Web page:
“After that it became a bit of a circumstance thing. Steve Staunton (the Ireland manager) said I could bring my kids and they would put them in a hotel room with a babysitter, but what kind of life is that for two kids? So I didn’t do it and I had to pick and choose my moments that I could play for Ireland and when I couldn’t. I just found the 10-day camps were too much for me to give.
“I remember I was playing live on TV for City, I was meant to fly out that night with Richard Dunne to meet up with Ireland, and I’d ring Steve Staunton up after the game and say: ‘I feel sick, I can’t come’. He was like: ‘I just saw you play live on TV!’ I couldn’t sacrifice going to play for Ireland, because literally for some reason it became a case of having to pick Ireland over my kids, and all day I’m going to pick my kids.”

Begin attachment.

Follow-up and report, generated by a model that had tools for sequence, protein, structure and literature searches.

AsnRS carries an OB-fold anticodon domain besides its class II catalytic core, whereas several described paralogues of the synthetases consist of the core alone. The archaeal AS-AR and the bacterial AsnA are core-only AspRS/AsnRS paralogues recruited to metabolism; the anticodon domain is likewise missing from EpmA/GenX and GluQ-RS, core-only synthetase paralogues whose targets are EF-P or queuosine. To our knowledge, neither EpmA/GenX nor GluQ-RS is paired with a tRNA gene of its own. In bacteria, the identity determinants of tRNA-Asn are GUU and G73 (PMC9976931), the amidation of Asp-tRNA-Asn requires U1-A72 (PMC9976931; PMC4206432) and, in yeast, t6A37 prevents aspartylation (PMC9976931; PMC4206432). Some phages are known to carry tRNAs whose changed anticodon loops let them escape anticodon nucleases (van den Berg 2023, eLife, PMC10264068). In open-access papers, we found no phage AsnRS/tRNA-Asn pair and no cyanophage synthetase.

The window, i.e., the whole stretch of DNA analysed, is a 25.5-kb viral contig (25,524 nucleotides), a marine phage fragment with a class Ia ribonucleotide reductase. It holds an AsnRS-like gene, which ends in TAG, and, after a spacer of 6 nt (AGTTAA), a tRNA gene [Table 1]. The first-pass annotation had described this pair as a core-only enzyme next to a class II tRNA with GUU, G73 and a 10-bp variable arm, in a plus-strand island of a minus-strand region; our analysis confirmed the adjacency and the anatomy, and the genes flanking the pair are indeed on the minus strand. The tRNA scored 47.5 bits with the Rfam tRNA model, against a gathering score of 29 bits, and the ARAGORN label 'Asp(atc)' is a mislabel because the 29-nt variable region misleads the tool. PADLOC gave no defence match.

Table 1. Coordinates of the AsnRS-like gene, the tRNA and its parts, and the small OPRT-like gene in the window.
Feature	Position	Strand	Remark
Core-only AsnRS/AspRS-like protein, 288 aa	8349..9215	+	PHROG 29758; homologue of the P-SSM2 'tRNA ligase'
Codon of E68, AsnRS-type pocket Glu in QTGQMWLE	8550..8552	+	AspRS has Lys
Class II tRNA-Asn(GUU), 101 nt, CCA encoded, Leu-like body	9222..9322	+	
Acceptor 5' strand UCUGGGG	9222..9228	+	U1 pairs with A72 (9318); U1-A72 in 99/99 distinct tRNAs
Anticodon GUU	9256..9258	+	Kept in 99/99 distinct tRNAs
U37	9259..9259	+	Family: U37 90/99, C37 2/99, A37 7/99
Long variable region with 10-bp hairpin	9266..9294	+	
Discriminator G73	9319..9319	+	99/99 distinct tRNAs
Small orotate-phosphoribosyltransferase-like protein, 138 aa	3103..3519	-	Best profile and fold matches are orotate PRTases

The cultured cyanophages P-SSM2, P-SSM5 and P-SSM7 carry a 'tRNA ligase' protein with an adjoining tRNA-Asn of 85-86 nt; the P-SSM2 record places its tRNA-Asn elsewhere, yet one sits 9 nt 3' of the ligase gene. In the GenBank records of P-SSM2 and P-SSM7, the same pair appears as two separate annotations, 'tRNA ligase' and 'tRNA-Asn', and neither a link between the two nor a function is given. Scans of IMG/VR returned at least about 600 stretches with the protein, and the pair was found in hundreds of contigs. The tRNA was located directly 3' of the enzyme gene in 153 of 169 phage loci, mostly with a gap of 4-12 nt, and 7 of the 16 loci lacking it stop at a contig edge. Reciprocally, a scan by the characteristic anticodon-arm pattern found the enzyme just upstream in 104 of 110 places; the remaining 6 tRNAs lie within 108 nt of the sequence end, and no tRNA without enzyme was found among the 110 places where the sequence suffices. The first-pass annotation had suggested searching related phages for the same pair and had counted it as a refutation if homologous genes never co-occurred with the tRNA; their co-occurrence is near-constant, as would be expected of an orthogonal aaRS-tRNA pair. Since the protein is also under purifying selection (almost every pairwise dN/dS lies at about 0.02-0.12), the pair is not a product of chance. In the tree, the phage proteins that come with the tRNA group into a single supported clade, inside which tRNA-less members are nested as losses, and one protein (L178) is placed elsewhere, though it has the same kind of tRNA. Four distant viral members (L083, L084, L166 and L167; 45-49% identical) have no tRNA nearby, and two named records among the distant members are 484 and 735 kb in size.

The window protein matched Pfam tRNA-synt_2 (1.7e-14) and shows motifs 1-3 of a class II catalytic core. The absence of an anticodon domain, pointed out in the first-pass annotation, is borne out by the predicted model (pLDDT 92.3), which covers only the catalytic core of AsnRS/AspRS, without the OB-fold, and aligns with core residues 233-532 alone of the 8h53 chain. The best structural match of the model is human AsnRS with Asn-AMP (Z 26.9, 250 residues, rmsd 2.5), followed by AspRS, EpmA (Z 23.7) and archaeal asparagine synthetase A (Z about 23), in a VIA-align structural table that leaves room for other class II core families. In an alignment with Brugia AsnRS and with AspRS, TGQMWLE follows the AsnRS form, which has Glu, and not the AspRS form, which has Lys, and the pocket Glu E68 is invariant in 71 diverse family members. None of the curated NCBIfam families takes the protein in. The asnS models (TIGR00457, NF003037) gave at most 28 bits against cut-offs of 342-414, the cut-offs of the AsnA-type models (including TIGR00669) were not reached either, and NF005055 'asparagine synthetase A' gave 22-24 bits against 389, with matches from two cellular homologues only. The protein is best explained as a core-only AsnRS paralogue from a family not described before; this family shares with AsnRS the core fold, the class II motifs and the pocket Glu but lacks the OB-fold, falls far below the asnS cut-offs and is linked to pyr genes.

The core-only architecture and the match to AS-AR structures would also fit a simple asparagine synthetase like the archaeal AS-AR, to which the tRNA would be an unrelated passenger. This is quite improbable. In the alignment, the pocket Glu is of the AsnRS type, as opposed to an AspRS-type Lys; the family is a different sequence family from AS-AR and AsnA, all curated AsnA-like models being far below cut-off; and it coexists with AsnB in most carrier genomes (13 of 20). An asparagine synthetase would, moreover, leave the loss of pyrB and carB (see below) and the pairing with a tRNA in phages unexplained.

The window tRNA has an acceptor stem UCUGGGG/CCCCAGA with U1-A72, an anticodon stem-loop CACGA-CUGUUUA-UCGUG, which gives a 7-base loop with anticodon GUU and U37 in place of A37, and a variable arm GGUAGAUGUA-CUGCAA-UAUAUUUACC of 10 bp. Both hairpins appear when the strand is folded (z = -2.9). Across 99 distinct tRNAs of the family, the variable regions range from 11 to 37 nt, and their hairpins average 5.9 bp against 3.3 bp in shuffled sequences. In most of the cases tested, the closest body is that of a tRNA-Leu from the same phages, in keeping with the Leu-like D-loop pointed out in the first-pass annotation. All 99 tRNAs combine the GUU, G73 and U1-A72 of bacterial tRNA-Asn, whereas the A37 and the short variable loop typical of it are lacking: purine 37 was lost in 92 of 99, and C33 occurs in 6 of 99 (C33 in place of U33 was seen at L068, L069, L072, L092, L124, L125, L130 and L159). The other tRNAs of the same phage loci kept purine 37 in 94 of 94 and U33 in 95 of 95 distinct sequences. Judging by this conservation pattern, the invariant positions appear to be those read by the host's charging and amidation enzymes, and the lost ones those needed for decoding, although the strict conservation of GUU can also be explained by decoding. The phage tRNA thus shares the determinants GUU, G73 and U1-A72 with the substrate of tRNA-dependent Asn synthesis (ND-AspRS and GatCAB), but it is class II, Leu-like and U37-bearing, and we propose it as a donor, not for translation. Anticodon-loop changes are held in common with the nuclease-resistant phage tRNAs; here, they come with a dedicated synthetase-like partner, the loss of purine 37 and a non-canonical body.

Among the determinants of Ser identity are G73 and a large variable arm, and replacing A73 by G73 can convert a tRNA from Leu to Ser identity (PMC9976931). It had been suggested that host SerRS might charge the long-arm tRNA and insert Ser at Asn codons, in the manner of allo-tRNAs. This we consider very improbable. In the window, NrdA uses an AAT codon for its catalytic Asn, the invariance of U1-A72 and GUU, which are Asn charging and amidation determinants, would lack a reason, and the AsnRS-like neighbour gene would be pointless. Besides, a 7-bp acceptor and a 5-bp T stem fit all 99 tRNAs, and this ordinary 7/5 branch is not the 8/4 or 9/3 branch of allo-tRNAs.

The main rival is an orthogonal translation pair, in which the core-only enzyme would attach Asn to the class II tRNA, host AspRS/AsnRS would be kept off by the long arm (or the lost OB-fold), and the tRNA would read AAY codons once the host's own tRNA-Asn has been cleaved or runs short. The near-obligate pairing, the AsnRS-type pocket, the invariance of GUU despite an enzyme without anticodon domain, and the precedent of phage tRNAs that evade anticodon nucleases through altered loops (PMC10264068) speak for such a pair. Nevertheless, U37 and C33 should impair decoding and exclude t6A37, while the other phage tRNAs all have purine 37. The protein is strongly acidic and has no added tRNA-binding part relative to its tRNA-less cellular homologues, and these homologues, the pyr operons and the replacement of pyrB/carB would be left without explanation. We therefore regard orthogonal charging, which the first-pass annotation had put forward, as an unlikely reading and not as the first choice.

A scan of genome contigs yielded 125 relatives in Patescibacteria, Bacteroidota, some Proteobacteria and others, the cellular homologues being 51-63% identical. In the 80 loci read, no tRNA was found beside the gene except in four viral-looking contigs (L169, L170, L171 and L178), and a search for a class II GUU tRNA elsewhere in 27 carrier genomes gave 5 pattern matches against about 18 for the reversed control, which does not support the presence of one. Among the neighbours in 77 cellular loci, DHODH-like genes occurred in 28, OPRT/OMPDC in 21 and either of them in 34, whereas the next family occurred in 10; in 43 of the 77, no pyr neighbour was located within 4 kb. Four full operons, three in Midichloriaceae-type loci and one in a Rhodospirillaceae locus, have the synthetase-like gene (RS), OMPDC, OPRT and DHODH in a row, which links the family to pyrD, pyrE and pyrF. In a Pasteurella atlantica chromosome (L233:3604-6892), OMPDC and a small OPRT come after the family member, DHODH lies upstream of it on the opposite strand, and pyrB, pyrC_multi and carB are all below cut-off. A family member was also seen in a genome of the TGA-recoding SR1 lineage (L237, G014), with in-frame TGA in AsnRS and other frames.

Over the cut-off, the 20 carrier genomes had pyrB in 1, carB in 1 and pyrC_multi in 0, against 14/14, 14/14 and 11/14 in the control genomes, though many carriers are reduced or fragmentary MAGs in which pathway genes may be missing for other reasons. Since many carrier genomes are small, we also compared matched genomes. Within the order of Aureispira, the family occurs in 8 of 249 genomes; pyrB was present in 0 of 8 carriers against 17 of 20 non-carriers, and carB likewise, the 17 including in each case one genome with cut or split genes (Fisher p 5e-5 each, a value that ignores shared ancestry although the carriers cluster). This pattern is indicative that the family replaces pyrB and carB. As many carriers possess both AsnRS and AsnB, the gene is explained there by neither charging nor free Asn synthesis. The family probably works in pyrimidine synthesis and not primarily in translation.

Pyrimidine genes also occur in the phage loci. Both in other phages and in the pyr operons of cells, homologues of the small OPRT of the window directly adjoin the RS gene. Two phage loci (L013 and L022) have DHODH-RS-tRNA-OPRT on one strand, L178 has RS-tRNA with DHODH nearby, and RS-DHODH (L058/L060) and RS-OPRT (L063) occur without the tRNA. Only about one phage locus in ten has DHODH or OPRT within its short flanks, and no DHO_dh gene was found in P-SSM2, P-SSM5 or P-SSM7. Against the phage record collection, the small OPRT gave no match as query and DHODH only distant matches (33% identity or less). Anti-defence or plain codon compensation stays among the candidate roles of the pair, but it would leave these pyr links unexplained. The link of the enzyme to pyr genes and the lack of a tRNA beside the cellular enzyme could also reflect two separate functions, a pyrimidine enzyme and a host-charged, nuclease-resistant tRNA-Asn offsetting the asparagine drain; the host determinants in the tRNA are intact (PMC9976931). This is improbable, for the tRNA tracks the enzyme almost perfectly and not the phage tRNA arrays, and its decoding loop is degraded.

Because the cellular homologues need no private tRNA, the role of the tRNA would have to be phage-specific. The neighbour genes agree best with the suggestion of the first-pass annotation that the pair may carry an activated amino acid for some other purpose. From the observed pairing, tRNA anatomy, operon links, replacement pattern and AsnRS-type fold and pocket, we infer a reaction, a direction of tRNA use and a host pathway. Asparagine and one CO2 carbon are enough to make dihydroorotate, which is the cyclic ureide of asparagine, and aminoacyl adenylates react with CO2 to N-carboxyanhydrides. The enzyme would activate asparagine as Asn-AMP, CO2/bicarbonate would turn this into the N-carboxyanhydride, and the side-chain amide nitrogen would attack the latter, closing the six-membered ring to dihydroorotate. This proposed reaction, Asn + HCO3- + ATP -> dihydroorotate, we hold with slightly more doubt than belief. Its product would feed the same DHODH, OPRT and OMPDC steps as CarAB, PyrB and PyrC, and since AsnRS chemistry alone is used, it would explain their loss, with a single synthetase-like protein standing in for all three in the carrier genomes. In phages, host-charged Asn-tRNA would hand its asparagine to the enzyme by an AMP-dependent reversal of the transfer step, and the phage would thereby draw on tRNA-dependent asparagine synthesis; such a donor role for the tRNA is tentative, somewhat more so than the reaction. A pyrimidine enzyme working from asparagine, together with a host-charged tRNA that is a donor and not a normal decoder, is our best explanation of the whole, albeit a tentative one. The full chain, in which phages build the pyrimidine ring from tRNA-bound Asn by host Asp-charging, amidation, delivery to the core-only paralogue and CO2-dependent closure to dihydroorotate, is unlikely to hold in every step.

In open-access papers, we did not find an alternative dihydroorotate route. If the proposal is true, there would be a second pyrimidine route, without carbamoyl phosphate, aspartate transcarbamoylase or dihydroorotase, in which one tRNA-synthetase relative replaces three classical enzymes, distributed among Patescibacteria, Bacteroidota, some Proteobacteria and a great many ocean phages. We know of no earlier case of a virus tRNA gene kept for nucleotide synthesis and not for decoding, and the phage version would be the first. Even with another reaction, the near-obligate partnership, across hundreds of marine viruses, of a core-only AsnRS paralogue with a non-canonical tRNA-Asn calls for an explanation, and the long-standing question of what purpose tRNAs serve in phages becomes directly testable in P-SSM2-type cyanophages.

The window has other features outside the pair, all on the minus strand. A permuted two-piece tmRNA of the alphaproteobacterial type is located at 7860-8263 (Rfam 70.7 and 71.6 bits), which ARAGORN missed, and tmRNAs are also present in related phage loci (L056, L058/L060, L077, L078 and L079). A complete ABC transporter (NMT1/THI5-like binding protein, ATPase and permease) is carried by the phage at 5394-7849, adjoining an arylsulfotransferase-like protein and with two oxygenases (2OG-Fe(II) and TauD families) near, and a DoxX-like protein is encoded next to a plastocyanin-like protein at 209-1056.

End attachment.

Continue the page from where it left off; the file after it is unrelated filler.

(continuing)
Ireland’s partner Jessica had suffered a miscarriage, but the family wanted to keep the story out of the media. This allowed the grandmother lie to spiral out of control.
“I just wanted it to blow over and before you know it, it just went boom,” Ireland says. “It was mental. Mental. And I’m thinking: ‘All I said was something small.’ I know it’s not. I know it’s not something you do. It was in the heat of the moment in the changing room after the match. I was buying myself time, basically.
“The other players asked where I was going, so I said: ‘Back to England for a few days because my nan’s not well.’ They were giving me hugs and that, and I felt like a prick then. Imagine going back in and saying: ‘Alright lads, listen…’
“At that point I actually felt like retiring from football. I swear to god, I actually considered retiring from football. I text my accountant and said: ‘Do I have enough money to retire?’ And he said: ‘Yeah you do, but it depends how much is enough’, and I was quite young.
“On reflection, I probably should’ve gone back and faced the music for a couple of days, but I guess I kind of ran from it. I was doing so well at Man City I didn’t want to go back, even more so.